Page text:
When Jack Nicholson brandished the best actor Oscar for his role in As Good As It Gets, the marketing men connected with the film saw a fist full of dollars. In contrast the marketing team behind the small British film Twenty Four Seven, starring Bob Hoskins, will simply be trying to hold their own against the post-Oscar hype when it opens on Friday.
One film had an estimated worldwide marketing budget of 17m, the other has 500,000 to make a splash. The contrast puts into sharp focus the gap between the film haves and have nots.
Ironically, at a time when there are a record number of UK-made films being shown in the home market, marketing budgets are not so much lagging behind, as non existent in comparison with those originating in the US. Last year, 23 per cent of films shown in the UK were produced in this country – the average for the past few years has been eight per cent.
To give an extreme example of what the British film is up against, Titanic cost 150m to make and has an estimated budget of 40m. About 90 per cent of the budget goes on marketing, the rest is spent on duplicating the cinema print. Twenty Four Seven cost 1.6m to make and has a marketing budget of 500,000 – small even by UK standards. But that money has to entice people into the cinema and then ensure that the film is given its full run while the competition is spending at least four times as much in the UK alone on giving their films a profile.
It commonly costs between 1m and 2m to open a film across the UK; in the US it costs between 13m and 19m.
Elizabeth Draper, deputy managing director of independent film distribution house Pathé, is marketing Twenty Four Seven. One of her tasks is to avoid making the boxing film, shot in black and white, not seem like an art house – and therefore small audience – movie.
A cinema trailer campaign was launched for the film a month ago, posters went up earlier this month and radio ads start this week. Its executive producer, Nick Powell, believes the UK film industry is in good shape, and must resist the temptation to try to emulate US populist cinema.
“We make bespoke upmarket products like BMW or Mercedes, not mass-produced Fiats,” says Powell. “We simply don’t have the resources to do what the Americans do. But we are market leaders in making this kind of upmarket product, which does well in the US.”
Draper believes some of the new money coming into the UK film industry should be put aside to market films – not just produce them. This week’s Academy Awards, as it does every year, acts as a springboard for those films that come away with a prize in a major category. But it also offers the greatest contrast with those which do not even have the funds to win a place on the shortlist.
Guy Laurence, vice-president of marketing Europe for Planet Hollywood, was until the start of the year executive vice-president of international distribution and marketing for MGM Studios. It meant that he oversaw the marketing of James Bond everywhere except the US.
He says the Oscars do one of two things for a winner: “With a successful film like Titanic it increases the length of its run. But an Oscar can also create a ‘breakout’ film. This is a well acted fairly low budget movie that suddenly wins the prize and then everyone wants to see it.”
The Crying Game, Usual Suspects and The Unforgiven all fall into this category. But others, such as Sling Blade, which won a screen play Oscar for Billy Ray Thornton last year, have never had the distribution and therefore the marketing to exploit the Oscar success.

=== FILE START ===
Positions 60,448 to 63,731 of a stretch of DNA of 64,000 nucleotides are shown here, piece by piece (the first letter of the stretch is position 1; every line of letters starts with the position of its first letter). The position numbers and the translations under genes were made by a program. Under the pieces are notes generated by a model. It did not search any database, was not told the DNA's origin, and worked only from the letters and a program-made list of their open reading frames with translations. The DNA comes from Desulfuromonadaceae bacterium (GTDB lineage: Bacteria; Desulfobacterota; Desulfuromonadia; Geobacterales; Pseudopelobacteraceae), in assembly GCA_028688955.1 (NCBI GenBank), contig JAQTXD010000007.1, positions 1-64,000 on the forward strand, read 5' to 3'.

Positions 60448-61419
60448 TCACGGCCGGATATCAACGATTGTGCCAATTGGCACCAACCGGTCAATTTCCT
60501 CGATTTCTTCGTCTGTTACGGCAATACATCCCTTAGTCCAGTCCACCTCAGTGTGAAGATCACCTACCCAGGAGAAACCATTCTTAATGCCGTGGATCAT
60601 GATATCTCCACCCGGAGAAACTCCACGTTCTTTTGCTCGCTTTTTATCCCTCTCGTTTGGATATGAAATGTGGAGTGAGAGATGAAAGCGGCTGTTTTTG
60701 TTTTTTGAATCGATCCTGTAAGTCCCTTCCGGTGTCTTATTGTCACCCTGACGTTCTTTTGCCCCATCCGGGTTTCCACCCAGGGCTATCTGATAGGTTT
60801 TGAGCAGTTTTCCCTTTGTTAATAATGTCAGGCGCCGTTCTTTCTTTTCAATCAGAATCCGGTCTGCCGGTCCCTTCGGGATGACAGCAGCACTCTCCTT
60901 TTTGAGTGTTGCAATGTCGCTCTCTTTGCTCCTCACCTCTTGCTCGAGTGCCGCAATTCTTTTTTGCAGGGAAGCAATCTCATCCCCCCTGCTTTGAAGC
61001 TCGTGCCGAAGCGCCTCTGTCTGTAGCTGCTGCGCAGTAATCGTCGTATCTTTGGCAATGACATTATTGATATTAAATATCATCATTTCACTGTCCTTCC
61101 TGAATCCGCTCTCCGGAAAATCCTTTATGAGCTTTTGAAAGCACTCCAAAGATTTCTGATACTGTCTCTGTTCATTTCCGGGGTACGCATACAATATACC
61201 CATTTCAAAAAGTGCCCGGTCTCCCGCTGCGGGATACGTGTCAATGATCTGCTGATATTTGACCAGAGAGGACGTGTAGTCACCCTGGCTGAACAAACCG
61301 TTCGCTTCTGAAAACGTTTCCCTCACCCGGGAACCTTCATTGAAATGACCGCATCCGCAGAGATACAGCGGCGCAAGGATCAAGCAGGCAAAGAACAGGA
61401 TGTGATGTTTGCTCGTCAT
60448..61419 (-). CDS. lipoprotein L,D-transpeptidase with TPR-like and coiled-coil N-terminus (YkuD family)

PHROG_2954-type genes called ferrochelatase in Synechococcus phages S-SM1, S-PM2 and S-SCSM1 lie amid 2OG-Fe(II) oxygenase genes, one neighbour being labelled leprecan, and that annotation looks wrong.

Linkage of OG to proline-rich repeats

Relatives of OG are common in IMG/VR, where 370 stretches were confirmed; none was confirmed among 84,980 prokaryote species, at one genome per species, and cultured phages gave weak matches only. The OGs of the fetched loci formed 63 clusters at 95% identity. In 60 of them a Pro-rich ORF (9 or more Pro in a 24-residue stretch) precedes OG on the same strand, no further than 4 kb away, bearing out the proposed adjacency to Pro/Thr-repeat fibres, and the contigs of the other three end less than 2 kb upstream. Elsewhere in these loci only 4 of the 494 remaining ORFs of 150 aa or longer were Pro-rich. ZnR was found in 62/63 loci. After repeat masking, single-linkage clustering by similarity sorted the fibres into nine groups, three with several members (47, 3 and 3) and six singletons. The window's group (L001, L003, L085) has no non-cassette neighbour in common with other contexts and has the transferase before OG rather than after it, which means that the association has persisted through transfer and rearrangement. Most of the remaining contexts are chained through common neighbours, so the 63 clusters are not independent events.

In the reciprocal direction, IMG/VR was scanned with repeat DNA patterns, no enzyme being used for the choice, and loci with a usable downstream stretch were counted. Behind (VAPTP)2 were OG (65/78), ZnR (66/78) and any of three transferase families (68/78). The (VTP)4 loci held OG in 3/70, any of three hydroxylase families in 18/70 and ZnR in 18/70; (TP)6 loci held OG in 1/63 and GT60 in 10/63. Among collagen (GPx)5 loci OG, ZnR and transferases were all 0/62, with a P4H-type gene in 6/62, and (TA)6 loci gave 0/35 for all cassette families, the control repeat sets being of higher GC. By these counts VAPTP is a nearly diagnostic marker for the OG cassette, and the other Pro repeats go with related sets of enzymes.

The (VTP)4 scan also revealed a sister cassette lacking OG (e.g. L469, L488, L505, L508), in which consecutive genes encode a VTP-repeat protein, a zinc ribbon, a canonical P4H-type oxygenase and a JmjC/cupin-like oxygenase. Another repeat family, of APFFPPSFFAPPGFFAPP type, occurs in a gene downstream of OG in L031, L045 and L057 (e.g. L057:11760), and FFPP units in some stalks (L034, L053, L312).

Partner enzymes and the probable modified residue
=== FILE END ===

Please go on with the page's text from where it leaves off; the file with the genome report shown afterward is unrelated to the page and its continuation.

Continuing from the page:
Usually the addition of that short gold statuette can add between ten and 15 per cent to a film’s box office revenues. In the case of Titanic, which according to the industry’s business newspaper Screen International has already made 600m, this could mean an extra 90m.
The success means that extra profit can be wrung from a product that has a short theatrical life – two months is considered a long run in the cinema. If a film wins an Oscar as it comes to the end of its run, it may be relaunched with a new advertising campaign and a new burst of interview activity by its stars. This happened with Clint Eastwood’s western The Unforgiven in 1992.
By the time a film makes the screens at the local multiplex, 90 per cent of its marketing budget has already been spent.
“A film’s marketing effort is all focused on the first weekend of opening,” says Stewart Till, president of Polygram International.
“There are two reasons for this. The first is that by the time a film opens enough people must want to see it early. This generates word-of-mouth which is incredibly important in this industry.
“The other reason there is so much focus on the first weekend is because there is a great deal of pressure to keep your film run ning at the cinema for the second weekend.
“If your returns are poor in your first weekend then the exhibitor will move your movie onto a small-er screen or drop it altogether,” says Till.
The figures bear out the pressure for exhibition space that Till describes. According to cinema sales house Carlton Screen Advertising, in 1995 there were 254 film releases in the UK. This jumped to 284 in 1996, and then 290 last year.
Charlotte Stockting, marketing director of Carlton Screen Advertising, says: “I used to work in magazines, and we would deal with lead times of up to five months. In cinema we regularly handle four or five films a week, and the marketing and communication is of a high standard. We are the equivalent of the fast moving consumer goods (fmcg) marketers of the media world.”
The British film industry is enjoying a renaissance on the back of movies like Trainspotting and The Full Monty but to fully ex ploit that position it needs to learn more from the packaged goods marketers.